it while it contained a former believer who had blasphemed Christ. A
young man whom he had once converted fell into evil courses in his
absence, and even became a tobber. St. John, like the Good Shepherd,
himself went out into the wilderness to find him, and was taken by
the thieves When his convert saw him, he would have fled in shame and
terror; but St. John held out his arms, called him back, and rested
not till he had won him to repentance. So gentle was he to all living
things, that he was seen nursing a partridge in his hands, and when he
became too old to preach to the people, he used to hold out his hands in
blessing, and say, "Little children, love one another." He died in the
year 100, just before the first great storm which was to try the Church.

The Emperor Trajan had found out that the iron of the Roman temper had
become mixed with miry clay, and that the men of his time were very
different from their fathers, and much less brave and public spirited.
He fancied this was the fault of new ways, and that Christianity was
one of these. There were Christians everywhere, in every town of every
province, nobles, soldiers, women, slaves, rich and poor; all feeling
themselves members of one body, all with the same faith, the same
prayers and Sacraments. All day they did their daily tasks, only
refusing to show any honour to idols, such as pouring out wine to the
gods before partaking of food, or paying adoration to the figures of the
Caesars, which were carried with the eagle standards of the army; and so
close was the brotherhood between them, that the heathen used to say,
"See how these Christians love one another!" At night they endeavoured
to meet in some secret chamber, or underground cave. At Rome, the
usual place was the Catacombs, great vaults, whence the soft stone for
building the city had been dug out, and where the quarry-men alone knew
the way through the long winding passages. Here, in the very early
morning of Lord's Day, the Christians made every effort to assemble,
for they were sure of meeting their Bishop, and of receiving the Holy
Communion to strengthen them for the trials of the week. The Christian
men and women stood on opposite sides; a little further off were the
learners, as yet unbaptized, who might only hear the prayers and
instructions; and beyond them was any person who had been forbidden to
receive the Holy Eucharist on account of some sin, and who was waiting
to be taken back again. The heathen knew nothing of what happened in
these meetings, and fancied that a great deal that was shocking was done
there; and Trajan ordered that Christians should be put to the torture,
if they would not confess what were their ceremonies. Very few would
betray anything, and what they said, the heathen could not understand;
but the emperor imagining that these rites would destroy the old Roman
spirit, forbade them, and persecuted the Christians, because they
obeyed God rather than man. The Bishop of Antioch was an old man named
Ignatius, who is believed to have been the little child whom our blessed
Lord had set in the midst of His disciples as an example of lowliness.
He had been St. John's pupil, and always walked in his steps, and he is
the first Father of the Church, that is, the first of the great wise men
in those early days, whose writings have come down to us. As Trajan was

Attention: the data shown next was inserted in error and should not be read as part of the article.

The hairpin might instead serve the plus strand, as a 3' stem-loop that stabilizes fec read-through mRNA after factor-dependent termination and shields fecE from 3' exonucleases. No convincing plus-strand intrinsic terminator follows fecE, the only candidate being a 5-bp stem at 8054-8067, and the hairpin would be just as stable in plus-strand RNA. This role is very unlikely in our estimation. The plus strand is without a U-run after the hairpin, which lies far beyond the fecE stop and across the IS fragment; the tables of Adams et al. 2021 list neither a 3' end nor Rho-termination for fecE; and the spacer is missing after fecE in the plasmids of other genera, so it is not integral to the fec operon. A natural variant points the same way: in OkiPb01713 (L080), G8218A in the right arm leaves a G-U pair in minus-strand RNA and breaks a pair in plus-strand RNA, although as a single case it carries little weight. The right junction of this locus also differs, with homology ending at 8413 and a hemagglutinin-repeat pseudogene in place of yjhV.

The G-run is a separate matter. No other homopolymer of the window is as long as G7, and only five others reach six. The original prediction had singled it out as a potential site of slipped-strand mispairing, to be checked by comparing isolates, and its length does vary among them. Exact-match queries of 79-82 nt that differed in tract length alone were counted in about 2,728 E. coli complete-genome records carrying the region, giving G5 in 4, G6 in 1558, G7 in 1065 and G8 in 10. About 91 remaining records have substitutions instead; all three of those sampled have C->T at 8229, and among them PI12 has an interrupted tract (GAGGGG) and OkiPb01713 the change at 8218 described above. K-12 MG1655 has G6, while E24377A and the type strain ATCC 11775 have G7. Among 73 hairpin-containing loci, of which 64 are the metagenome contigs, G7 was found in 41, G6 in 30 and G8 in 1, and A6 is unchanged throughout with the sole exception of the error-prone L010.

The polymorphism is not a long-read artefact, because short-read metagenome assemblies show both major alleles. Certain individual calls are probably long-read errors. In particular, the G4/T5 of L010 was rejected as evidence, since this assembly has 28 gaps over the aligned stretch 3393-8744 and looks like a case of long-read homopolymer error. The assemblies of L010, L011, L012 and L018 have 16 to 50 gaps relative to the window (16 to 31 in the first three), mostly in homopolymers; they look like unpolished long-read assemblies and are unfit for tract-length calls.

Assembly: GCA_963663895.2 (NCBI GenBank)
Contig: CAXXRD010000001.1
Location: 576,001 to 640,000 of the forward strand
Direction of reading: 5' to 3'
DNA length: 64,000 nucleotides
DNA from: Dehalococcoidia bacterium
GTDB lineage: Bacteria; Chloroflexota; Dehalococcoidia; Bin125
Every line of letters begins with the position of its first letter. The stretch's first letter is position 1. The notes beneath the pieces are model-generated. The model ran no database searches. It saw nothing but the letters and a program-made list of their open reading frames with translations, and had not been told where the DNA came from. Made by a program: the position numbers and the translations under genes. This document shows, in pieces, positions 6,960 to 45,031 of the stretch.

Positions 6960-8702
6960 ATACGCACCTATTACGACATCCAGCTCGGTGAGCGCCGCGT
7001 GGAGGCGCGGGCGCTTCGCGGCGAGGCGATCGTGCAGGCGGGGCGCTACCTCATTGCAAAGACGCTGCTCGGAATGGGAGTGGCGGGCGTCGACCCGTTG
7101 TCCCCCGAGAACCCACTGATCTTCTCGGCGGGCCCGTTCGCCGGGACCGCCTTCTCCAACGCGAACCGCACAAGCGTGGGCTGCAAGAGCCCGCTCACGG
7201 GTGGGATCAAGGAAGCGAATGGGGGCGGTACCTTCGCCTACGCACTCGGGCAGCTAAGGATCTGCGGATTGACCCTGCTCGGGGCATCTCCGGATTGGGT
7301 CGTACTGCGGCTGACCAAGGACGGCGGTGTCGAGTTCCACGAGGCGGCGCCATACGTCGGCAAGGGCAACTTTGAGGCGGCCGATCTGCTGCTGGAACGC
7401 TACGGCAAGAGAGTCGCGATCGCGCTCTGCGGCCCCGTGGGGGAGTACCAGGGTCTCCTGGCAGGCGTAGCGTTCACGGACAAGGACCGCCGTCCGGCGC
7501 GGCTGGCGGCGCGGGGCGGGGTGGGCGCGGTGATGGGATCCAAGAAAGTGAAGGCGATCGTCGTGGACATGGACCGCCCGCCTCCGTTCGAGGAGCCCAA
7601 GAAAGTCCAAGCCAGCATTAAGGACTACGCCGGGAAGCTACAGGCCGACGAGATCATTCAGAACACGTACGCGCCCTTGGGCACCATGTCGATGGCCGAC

going through Antioch, he saw this holy man, and sentenced him to be
carried to Rome, there to be thrown to the lions for the amusement
of the bloody-minded Romans. As has been said, from early days the
favourite sport of this nation had been to sit round on galleries,
built up within a round building called an amphitheatre, to watch the
gladiators fight with each other, or with savage beasts. Many of these
buildings are still to be found ruined in different parts of the empire,
and one in especial at Rome, named the Coliseum, where it is most likely
that the death of St. Ignatius took place, when, as he said, he was the
wheat of Christ, ground by the teeth of the lions. He is reckoned as one
of the Fathers of the Church. His great friend was Polycarp, Bishop
or Angel of Smyrna, the same, as it is believed, to whom St. John had
written in the Revelation, "Be thou faithful unto death, and I will give
thee a crown of life."

The Emperor Antoninus began a persecution, which was carried on by his
successor, Marcus Aurelius; and in 167, St. Polycarp, who was a very
aged man, and had ruled the Church of Smyrna towards seventy years, was
led before the tribunal. The governor had pity on his grey hairs, and
entreated him to save his life by swearing by the fortunes of Caesar,
and denying Christ. "Eighty and six years have I served Him, and He has
never done me a wrong; how could I then blaspheme my King, who hath
saved me?" said Polycarp; and all the threats of the governor did but
make him glad to be so near glorifying God by his death. He was taken
out to be burnt alive, and as he stood bound to the stake, he cried
aloud, "Lord God Almighty, Father of the blessed and well-beloved Son,
Jesus Christ, by Whom we have received the grace to know Thee; God of
angels and of powers, God of all creatures, and of the just who live in
Thy Presence, I thank Thee that Thou hast brought me to this day and
hour, when I may take part in the number of the martyrs in the Cup
of Thy Christ, to rise to the eternal life of soul and body in the
incorruption of the Holy Spirit. May I be received into Thy Presence
with them as an acceptable offering, as Thou hast prepared and foretold,
Thou the true God Who canst not lie. Therefore I praise Thee, I bless
Thee, I glorify Thee by the eternal and heavenly High Priest, Jesus